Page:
Over the past two days, that’s exactly what I’ve had the chance to do. I met with Premier Li, Vice Premier He, Finance Minister Liu, People’s Bank of China Chief Pan and other senior officials to discuss important pillars of our economic relations. These conversations were direct, substantive and productive. We were able to learn about each other’s economies and policy choices, which I think is vital as the two largest economies in the world. Even when we disagree, I think the frank and in-depth discussions we have had about the opportunities and challenges in our relationship, and the greater understanding they have allowed us to make actions and actions of each country, are clearly useful. intentions. Overall, I believe that my bilateral meetings – which lasted a total of about 10 hours over two days – were a step forward in our efforts to strengthen the relationship between the United States and China.
Let me go into more detail about some of our discussions.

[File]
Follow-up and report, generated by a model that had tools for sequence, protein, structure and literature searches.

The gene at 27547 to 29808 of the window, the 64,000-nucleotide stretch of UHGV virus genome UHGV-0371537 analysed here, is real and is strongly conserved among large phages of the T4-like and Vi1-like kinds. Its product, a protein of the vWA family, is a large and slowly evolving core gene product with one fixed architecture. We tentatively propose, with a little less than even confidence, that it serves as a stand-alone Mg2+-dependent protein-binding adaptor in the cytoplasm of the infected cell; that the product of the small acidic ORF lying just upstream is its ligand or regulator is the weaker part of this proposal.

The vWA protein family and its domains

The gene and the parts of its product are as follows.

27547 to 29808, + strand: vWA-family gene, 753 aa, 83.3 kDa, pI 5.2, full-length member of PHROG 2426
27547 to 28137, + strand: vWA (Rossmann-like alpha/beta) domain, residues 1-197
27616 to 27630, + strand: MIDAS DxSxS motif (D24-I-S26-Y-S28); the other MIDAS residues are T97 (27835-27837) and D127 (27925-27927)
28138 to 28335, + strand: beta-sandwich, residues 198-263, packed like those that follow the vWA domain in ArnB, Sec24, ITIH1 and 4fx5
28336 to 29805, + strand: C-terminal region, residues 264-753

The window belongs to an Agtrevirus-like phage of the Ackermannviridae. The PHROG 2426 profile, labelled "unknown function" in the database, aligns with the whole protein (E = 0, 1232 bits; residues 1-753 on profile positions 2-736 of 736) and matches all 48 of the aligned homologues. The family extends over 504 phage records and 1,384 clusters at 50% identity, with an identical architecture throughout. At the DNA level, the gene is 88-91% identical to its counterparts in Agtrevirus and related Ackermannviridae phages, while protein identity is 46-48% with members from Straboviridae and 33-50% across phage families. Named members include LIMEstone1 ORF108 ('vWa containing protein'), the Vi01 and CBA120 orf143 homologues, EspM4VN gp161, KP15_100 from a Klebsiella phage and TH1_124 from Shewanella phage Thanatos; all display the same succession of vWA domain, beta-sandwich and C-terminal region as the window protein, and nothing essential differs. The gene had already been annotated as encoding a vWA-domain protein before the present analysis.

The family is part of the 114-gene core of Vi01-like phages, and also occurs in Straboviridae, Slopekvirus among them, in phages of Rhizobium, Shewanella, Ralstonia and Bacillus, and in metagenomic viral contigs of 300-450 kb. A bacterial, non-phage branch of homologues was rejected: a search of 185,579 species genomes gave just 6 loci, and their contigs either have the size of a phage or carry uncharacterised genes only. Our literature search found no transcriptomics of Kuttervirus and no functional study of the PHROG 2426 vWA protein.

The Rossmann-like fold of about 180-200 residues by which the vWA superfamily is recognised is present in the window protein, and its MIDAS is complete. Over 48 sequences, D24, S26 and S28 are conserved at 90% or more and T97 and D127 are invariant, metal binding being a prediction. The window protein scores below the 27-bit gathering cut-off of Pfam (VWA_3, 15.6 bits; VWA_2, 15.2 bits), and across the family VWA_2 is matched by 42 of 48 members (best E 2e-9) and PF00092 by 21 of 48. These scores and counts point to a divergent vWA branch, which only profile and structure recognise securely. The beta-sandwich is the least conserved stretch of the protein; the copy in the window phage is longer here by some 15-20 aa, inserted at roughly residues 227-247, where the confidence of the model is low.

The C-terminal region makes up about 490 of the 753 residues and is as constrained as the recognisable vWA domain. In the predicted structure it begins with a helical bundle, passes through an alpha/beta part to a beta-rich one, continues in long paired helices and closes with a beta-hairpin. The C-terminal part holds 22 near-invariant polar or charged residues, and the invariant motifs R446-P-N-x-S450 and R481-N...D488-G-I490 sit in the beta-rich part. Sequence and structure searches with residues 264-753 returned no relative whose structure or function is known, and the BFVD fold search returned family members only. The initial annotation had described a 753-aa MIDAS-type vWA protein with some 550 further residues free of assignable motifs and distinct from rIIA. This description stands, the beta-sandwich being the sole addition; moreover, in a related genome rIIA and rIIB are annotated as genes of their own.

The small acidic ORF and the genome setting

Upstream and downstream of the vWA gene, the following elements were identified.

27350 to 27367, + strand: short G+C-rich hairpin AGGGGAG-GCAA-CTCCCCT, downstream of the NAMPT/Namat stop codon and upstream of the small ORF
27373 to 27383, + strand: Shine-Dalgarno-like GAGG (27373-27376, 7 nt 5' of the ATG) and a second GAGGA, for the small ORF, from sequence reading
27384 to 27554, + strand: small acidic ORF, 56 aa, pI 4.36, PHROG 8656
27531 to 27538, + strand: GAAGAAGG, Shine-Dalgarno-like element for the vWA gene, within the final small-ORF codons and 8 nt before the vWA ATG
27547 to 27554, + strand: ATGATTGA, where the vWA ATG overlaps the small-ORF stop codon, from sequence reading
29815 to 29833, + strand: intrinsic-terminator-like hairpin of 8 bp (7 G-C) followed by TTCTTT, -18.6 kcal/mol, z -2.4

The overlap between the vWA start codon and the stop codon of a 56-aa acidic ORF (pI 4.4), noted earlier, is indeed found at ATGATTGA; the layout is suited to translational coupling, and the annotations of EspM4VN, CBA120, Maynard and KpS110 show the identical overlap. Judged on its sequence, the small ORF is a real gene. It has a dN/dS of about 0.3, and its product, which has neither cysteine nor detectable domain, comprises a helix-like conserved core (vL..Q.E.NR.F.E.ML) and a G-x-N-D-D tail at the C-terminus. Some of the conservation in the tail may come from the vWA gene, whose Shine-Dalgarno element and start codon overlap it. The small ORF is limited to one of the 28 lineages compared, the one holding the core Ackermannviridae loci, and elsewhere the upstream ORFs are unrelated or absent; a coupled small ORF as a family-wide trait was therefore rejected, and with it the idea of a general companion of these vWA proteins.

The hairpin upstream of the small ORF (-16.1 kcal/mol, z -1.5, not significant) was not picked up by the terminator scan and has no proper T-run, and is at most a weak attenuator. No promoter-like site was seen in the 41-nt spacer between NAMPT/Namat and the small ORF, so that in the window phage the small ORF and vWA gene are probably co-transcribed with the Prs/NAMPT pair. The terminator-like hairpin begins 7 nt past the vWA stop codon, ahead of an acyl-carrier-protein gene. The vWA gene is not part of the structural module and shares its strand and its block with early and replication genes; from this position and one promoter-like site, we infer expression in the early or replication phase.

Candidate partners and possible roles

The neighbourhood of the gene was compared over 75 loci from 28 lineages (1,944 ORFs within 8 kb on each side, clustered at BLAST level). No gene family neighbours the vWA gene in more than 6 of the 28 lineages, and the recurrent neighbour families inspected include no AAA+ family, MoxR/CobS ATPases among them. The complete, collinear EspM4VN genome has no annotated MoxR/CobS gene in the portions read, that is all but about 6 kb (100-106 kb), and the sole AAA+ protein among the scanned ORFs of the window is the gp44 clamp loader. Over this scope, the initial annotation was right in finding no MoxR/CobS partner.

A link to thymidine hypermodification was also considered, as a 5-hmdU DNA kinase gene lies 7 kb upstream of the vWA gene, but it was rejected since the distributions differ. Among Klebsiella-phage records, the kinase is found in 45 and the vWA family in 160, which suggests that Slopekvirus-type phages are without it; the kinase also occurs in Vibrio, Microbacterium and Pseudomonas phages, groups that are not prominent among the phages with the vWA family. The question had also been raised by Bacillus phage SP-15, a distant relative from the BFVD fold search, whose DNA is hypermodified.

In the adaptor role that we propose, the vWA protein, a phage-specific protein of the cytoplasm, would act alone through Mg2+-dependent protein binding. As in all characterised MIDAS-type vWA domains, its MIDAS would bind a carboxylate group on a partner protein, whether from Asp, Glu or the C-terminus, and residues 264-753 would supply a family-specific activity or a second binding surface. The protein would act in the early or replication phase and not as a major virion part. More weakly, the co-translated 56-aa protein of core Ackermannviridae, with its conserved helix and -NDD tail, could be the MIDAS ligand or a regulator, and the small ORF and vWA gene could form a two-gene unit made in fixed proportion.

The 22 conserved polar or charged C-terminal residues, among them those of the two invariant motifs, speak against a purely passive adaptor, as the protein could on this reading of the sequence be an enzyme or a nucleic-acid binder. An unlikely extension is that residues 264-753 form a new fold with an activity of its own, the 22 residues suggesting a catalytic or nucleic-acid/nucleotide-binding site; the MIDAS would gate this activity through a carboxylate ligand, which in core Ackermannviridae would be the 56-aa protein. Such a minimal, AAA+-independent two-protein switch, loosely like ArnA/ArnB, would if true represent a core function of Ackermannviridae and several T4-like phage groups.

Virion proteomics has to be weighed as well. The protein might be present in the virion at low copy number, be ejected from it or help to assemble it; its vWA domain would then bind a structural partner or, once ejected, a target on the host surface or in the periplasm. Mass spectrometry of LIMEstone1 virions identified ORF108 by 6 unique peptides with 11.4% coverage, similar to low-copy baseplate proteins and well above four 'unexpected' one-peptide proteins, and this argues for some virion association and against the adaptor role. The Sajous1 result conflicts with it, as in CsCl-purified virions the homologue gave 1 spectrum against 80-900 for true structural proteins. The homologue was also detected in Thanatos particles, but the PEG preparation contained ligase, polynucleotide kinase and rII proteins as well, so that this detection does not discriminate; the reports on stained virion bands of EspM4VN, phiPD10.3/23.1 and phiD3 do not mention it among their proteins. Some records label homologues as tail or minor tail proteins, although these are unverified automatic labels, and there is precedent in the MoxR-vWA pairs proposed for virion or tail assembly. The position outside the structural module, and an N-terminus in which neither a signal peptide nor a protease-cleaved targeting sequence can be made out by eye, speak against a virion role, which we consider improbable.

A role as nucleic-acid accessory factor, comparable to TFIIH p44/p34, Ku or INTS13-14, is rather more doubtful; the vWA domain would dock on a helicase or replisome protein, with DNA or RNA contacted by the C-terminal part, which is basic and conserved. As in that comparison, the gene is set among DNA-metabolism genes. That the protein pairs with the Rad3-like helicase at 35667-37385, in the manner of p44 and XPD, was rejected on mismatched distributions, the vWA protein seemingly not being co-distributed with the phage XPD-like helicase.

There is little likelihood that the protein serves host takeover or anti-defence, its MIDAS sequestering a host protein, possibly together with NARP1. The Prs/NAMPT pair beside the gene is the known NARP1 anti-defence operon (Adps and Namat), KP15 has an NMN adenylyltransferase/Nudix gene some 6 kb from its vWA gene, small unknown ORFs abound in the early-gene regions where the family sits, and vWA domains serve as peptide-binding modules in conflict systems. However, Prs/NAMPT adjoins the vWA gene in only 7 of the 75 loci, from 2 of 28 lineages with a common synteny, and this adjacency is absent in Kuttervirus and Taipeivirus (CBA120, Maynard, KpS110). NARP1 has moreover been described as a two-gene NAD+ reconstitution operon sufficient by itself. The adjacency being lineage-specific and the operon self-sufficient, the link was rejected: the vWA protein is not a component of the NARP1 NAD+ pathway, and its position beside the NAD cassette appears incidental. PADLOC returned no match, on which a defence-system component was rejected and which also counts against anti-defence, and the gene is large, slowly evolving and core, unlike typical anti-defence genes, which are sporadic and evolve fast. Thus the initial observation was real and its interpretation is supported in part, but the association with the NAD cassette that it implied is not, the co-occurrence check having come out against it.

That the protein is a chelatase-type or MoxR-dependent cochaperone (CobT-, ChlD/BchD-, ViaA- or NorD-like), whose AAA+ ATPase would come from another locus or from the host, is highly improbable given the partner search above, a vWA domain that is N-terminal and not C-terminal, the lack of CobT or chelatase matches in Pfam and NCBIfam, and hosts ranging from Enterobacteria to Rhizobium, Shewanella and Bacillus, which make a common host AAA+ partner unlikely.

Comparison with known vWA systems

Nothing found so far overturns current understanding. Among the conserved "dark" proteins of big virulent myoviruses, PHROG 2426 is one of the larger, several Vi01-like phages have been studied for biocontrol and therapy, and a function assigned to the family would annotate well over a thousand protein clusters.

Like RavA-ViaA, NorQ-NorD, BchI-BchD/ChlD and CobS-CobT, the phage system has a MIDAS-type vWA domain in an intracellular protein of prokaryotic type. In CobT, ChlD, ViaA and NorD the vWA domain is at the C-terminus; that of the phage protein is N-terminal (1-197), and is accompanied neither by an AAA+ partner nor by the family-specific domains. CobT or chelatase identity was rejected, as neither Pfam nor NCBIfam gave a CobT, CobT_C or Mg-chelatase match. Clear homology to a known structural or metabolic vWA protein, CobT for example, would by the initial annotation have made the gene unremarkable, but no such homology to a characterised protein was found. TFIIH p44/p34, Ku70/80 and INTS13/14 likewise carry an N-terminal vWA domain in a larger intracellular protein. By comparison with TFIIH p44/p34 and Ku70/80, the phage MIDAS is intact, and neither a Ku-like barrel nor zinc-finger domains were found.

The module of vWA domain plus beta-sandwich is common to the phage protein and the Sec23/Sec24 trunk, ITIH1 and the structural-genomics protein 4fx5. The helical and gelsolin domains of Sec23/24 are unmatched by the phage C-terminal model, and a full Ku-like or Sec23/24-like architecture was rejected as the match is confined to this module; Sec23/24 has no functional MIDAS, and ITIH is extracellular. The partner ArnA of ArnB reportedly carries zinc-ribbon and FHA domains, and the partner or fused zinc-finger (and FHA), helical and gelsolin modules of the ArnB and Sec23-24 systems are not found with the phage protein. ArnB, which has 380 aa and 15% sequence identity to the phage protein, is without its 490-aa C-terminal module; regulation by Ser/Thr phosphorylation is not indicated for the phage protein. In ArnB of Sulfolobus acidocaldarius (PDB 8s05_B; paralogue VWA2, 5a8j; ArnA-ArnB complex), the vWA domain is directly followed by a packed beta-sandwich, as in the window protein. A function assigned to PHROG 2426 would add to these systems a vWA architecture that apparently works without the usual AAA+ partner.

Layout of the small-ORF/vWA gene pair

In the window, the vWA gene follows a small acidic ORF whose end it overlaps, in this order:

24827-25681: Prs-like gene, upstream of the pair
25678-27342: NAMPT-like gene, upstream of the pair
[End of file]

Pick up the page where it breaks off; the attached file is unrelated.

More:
First, I made it known that President Biden and I seek a future marked by healthy economic competition between our countries. We believe it is possible to achieve a long-term, mutually beneficial economic relationship – one that supports growth and innovation on both sides. Indeed, I noted that China’s growth has lifted hundreds of millions of people out of poverty and made clear that the United States was not seeking to dissociate itself from China. There is an important distinction between decoupling, on the one hand, and, on the other hand, diversifying critical supply chains or taking targeted national security measures. We know that a decoupling of the world’s two largest economies would be disastrous for both countries and destabilizing for the world. And it would be practically impossible to undertake. We want a vibrant and healthy global economy that is open, free and fair, not a fragmented economy that forces countries to take sides.